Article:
Money-making rather than Landmark-making

Renner is probably right that the BreakWater will make money for its developer, and maybe also for its residents. According to Renner's own statements making money for his clients is clearly one of his driving intentions. Conversely, he does not even mention such things as pride of ownership. So he conveys to us the conviction that what is most important in life is getting a return-on-investment, rather than garnering rich and meaningful human experiences.

Renner's Ideal

So what is the kind of person who would thrive inhabiting a condo at the BreakWater? It is a person who values physical comfort above beauty, a person without a strong sense of personal identity, and a person who pursues the acquisition of monetary wealth over emotional fulfillment. These are all characteristics of the materialist. Everything Renner says in the debate reveals that he is an extreme materialist, and he has succeeded in giving us a building that embodies his view of the world.

Anyone who purchased a condo at the BreakWater and does not hold these convictions is a poor fool - a sucker who was duped into buying something that stands for everything he hates. That is the real crime here - not that the BreakWater exists - after all, it is an expression of the values of the architect and the client (i.e., the developer), as it should be. The crime is that many of the customers who purchase condos here, now and in the future, are supporting the propagation of convictions they actually consider destructive. If these convictions were identified, as I've tried to do here, those same enthusiastic buyers would run away from the BreakWater with a sick stomach. Ignorance of the meaning and significance of architecture renders people helpless against buildings like the BreakWater, which I actually don't think expresses the convictions of many people.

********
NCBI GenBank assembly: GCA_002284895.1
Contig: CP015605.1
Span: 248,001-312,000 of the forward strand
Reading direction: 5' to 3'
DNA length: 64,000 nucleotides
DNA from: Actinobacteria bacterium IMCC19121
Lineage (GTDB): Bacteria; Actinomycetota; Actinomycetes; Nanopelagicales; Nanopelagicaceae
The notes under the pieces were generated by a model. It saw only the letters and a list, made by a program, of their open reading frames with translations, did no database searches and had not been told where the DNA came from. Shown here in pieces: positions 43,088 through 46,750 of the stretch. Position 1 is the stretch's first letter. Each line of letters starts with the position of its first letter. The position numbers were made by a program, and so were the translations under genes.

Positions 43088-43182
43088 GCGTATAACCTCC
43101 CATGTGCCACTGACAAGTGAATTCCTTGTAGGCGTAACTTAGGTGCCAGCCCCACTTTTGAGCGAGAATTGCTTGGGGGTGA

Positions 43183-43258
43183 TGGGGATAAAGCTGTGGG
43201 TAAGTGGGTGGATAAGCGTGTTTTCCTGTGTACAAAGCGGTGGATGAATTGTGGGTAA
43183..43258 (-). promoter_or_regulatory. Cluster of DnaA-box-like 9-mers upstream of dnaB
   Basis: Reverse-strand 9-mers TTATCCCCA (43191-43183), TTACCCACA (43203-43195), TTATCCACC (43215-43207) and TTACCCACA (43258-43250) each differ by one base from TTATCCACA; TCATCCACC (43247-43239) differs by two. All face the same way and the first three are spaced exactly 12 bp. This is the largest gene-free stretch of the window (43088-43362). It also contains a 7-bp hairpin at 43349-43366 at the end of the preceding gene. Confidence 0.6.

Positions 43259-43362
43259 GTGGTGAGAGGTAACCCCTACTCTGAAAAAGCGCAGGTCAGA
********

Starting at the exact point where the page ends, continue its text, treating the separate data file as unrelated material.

In an enlightened society the developers (who own the land) have every right to pay to hire an architect of their choosing and construct a building that expresses whatever values they choose. And in an enlightened society, people have every right to buy homes elsewhere, and to watch the BreakWater rot. The fact that the BreakWater is sold-out indicates that either we live in a society with a large number of materialists, or we live in a society with a large number of unenlightened persons, who don't know what the ugly face of materialism looks like. I believe the latter is true.